Coloring STL at the Missouri History Museum is a unique interactive exhibit that invites visitors to explore the St. Louis region’s architectural past and present by coloring in more than 50 local structures — from downtown’s iconic landmarks to local homes, to buildings now erased from the landscape to neighborhood treasures. But filling the cityscape with a kaleidoscope of dry erase marker color isn’t all visitors will get to do. Visitors will get an up-close look at over 50 fascinating artifacts from real St. Louis buildings and learn about the dreamers and designers who used the materials beneath our feet to leave their mark on the city. The exhibit opens August 2022.
“Ever since the city’s founding in 1764, the St. Louis region has been rich in architectural history, with beautiful, strange, and fascinating structures of every era, shape and size dotting its landscape,” said Andrew Wanko, Public Historian and content lead on the Coloring STL exhibit. “It doesn’t matter if they’re big or small, famous landmarks or your house — countless St. Louis buildings have fascinating stories to tell.”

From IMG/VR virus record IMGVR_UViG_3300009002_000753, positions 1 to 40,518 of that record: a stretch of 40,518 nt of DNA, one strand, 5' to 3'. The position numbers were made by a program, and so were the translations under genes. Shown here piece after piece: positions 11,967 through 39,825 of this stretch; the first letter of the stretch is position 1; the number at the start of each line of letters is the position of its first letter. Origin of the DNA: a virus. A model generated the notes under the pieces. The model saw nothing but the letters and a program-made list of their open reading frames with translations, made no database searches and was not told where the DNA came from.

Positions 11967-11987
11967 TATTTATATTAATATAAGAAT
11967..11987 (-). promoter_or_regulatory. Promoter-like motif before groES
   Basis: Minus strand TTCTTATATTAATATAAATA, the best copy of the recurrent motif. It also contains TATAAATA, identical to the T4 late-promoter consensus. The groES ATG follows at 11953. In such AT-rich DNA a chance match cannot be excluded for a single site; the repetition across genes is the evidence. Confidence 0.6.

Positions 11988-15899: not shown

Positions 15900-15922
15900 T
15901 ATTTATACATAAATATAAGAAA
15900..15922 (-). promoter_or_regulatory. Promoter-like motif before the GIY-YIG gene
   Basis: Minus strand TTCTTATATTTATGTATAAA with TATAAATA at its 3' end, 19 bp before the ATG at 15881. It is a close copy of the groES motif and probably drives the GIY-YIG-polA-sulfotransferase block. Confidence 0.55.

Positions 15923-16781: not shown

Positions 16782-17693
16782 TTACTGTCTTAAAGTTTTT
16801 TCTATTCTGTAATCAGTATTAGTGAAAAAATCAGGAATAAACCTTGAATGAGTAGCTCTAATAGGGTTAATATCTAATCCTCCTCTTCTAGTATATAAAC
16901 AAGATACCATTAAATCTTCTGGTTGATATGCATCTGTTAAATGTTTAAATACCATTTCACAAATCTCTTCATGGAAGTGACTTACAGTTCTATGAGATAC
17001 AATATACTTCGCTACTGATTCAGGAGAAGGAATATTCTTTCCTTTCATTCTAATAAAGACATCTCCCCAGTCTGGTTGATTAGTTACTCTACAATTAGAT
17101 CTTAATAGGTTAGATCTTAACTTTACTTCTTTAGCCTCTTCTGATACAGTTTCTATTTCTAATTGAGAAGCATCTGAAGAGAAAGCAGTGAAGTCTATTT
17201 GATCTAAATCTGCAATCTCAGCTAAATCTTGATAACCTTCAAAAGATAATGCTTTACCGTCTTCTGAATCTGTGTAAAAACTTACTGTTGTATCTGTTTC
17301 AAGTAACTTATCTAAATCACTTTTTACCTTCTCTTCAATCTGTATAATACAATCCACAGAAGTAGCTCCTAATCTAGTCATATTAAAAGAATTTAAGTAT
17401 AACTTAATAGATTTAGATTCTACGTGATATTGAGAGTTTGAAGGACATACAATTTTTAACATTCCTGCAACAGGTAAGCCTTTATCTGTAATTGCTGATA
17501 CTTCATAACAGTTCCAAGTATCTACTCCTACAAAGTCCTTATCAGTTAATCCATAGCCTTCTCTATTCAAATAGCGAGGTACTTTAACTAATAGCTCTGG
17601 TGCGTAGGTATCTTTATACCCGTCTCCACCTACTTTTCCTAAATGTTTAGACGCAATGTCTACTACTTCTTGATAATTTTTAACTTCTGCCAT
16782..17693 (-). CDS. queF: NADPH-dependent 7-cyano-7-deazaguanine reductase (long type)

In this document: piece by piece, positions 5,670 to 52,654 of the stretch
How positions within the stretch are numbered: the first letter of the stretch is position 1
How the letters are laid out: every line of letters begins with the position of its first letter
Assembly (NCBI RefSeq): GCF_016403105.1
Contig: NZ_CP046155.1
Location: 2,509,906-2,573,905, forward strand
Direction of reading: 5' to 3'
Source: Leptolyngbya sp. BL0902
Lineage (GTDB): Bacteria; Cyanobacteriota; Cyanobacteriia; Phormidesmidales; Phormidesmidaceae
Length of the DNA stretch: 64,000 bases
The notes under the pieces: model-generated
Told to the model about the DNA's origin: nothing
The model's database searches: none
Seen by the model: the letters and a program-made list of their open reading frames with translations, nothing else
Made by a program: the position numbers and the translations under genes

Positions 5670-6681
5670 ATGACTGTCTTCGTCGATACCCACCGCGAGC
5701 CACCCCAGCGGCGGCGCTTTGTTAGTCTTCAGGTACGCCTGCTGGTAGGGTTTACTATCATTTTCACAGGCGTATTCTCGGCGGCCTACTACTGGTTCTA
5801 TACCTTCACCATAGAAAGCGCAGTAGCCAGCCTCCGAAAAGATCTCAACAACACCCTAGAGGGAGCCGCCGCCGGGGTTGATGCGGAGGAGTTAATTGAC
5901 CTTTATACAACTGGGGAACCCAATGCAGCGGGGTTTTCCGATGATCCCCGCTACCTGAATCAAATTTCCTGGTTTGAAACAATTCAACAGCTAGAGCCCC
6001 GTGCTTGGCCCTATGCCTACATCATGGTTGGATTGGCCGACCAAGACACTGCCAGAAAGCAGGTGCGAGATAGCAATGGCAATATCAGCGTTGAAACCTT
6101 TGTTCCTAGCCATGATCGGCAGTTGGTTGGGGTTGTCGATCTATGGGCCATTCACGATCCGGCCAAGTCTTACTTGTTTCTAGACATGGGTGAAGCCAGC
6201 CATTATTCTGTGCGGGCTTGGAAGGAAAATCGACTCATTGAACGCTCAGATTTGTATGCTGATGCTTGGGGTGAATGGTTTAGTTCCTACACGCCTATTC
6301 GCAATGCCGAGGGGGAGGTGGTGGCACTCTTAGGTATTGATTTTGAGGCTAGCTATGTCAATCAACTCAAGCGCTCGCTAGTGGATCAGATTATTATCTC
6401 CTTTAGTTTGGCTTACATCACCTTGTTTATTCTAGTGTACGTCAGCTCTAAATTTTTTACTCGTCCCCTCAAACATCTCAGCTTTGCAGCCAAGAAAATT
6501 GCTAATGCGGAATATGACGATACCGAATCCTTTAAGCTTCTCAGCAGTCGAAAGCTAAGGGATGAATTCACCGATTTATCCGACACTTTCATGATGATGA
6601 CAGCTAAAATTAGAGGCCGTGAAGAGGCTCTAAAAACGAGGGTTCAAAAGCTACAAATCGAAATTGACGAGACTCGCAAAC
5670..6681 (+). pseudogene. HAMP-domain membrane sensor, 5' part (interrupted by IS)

Included among the over 50 colorable, iconic local structures is a timeline of residential buildings. While coloring, visitors can read short facts on the various types of structures local inhabitants have lived in ranging from ca 1700 Illinois Longhouses to the French Second Empire Townhomes popular in Lafayette Square, to the ca. 1890 urban rowhouses popular in Soulard, Old North, Hyde Park, and Benton Park, to the shotgun-style homes found on the Hill, to the suburbs, and more.
“Stained glass windows are a staple of many St. Louis homes,” said Wanko. “One aspect of Coloring STL we anticipate visitors will enjoy is the story of how stained glass gained popularity and how it was made right here in St. Louis. Visitors can flip through a stained-glass catalog and the sketchbook of Emil Frei, one of the most important stained-glass artisans to ever call St. Louis home.”
Other interactive elements in Coloring STL include trivia flip panels that test visitors’ general architectural knowledge or ask visitors to correctly identify which building from another country inspired a local structure. A picture slideshow titled “Yesterday’s St. Louis” shows 50 images that offer up incredible views of St. Louis’s past, with some streetscapes looking very familiar and others looking totally unrecognizable. Touchable elements include an architect’s pull-out flat file drawer which has graphic reproductions of St. Louis building drawings inside, complete with touchable raised lines for accessibility. Other touchable elements include real St. Louis building materials — 8 different varieties of locally made bricks, an iron “tie star” like those seen on the walls of St. Louis’s historic homes, and one of the millions of granite pavers once used to pave St. Louis’s streets.